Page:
The students at William Penn University used virtual reality to help guide them through the impaired driving simulator from the Arrive Alive Tour. DUI prevention is not the only goal of the Arrive Alive Tour. They are trying to teach the dangers of drunk driving, as well as texting while driving and driving under the influence of marijuana.
Arrive Alive Tour
For the tour, the company travels throughout the country. There are three different simulators that makes stops at high schools, colleges and corporations. Each tour has a set of road crew facilitators to help make sure the event goes smoothly. Jeff Bateman, a road crew facilitator with Arrive Alive Tour, said, “We have three tours going on. We travel all over the United States, educating people on the importance of driving sober and free of electronics.”
Impaired Driving Simulator
At William Penn University, the facilitators parked the full-size Jeep Patriot in the Penn Activity Center. The students were able to get behind the wheel and put on a pair of virtual reality goggles. They would then be put in a simulation where the vehicle is “drunk” and not them. The simulation gives the effect of being drunk, as they have slower reaction times and blurred vision.
These simulations are not easy. Bateman said, “It depends on the simulation, depends on the age group, obviously. Younger kids like to go fast and crazy, some people really want to actually take their time and try. It’s hard. It’s not easy when you have a blood alcohol content of .11, it is difficult to drive. Anything over a .08 in the state of Iowa is considered a DUI. Still, I think you see people struggling with a .08.”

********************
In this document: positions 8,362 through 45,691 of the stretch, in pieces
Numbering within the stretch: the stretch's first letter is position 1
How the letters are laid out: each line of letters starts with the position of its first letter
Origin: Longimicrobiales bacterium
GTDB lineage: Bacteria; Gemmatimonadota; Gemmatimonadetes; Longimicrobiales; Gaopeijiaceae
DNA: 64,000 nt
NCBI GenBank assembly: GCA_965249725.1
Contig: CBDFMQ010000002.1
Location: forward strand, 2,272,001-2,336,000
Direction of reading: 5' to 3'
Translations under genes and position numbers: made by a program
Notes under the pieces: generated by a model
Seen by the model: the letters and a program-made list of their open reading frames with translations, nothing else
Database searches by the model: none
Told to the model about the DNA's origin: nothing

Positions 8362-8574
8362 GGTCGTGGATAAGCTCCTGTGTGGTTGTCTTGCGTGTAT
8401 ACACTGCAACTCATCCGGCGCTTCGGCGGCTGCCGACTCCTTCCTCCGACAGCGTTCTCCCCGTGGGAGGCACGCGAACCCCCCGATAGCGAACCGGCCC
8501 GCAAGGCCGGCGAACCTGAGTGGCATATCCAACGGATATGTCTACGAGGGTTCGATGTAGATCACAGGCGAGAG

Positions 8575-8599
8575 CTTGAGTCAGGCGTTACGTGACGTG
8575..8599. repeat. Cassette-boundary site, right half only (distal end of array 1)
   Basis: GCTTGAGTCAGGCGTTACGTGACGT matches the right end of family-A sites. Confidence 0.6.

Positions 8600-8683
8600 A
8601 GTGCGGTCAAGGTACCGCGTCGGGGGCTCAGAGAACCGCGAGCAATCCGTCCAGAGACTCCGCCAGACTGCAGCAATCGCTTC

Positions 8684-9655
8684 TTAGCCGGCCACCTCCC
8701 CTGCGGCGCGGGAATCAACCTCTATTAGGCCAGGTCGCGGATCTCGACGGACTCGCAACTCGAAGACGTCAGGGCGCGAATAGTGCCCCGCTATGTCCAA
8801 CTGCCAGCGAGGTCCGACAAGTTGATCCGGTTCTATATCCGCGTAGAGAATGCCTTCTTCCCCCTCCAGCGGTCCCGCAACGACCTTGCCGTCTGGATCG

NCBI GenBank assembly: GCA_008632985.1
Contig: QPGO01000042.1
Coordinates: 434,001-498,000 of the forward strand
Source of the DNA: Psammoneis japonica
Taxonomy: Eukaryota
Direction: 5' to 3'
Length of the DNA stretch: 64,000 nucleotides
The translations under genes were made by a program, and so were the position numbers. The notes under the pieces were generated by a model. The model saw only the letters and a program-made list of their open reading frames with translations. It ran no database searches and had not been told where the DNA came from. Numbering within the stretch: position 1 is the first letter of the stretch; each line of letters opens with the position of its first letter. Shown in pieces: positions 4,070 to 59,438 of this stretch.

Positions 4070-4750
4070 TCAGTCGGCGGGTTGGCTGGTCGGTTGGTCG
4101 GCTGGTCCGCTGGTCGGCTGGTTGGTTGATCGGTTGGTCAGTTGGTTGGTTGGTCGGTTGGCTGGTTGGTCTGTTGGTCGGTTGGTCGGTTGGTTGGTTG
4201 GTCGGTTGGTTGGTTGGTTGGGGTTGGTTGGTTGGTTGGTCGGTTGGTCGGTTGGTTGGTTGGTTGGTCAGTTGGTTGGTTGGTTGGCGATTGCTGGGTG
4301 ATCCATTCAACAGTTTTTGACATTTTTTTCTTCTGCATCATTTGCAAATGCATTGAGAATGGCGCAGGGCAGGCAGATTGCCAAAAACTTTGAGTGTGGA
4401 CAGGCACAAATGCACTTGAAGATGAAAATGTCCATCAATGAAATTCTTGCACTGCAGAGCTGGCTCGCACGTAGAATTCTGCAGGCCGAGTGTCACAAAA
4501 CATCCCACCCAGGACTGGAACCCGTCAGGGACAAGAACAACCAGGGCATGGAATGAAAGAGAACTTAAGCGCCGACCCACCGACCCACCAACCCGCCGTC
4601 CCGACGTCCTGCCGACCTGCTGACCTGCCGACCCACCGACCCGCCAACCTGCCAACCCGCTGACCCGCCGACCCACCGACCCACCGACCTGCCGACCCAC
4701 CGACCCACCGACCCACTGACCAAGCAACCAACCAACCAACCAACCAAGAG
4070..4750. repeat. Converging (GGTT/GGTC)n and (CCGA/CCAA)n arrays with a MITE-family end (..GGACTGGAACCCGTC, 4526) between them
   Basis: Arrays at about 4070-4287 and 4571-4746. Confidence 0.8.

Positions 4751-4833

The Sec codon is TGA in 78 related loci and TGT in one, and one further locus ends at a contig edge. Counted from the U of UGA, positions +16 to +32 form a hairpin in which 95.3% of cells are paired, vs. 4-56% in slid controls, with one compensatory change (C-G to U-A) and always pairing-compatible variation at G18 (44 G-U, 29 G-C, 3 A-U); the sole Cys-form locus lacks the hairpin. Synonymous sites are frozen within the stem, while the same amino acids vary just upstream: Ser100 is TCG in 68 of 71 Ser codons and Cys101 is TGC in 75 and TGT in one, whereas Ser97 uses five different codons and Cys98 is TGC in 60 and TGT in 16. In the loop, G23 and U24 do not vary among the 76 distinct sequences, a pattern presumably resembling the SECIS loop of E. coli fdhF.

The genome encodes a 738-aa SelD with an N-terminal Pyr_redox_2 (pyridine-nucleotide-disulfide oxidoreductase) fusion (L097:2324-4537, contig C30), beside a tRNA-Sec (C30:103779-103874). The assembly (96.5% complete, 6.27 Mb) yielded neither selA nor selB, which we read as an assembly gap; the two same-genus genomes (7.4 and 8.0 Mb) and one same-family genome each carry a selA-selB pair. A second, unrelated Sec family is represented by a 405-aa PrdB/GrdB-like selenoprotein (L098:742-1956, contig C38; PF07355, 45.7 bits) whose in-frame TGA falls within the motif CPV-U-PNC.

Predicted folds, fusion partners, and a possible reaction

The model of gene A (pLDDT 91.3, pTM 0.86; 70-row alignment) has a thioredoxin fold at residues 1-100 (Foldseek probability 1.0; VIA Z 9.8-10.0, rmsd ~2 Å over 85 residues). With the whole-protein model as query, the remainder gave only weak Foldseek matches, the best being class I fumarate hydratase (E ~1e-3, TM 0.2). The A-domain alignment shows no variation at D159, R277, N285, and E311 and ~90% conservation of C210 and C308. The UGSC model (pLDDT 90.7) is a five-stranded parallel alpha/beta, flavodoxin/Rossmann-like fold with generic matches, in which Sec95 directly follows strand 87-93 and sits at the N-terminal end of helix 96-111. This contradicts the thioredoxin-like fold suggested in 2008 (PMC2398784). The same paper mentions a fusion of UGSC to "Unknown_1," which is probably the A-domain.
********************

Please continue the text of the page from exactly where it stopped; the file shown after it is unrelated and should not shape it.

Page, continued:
The impaired driving simulator is so important, as it helps to prevent accidents. The number one cause of teen deaths is accidents. He added, “Twenty-nine people a day in the United States die from drinking and driving; 19 of them on top of the 29 is from distracted driving. That’s an overall statistic, not just generally toward teens. But accidents are the number one cause of death for teens.”
Besides driving in the simulation, the students are also given the facts. Bateman added, “The simulator’s fun, it’s interesting, it’s unique, but it’s really the statistics that get people. For your first DUI here, you can lose your license for up to 180 days. For your third DUI, it is considered a class D felony.” There are fees attached with each penalty too. Bateman said, “They say the average fee is $10,000. And that’s just the stuff that personally happens to you, not mentioning the stuff that happens to other people. You really affect other people’s lives by doing the things that you do. Every action causes a reaction.”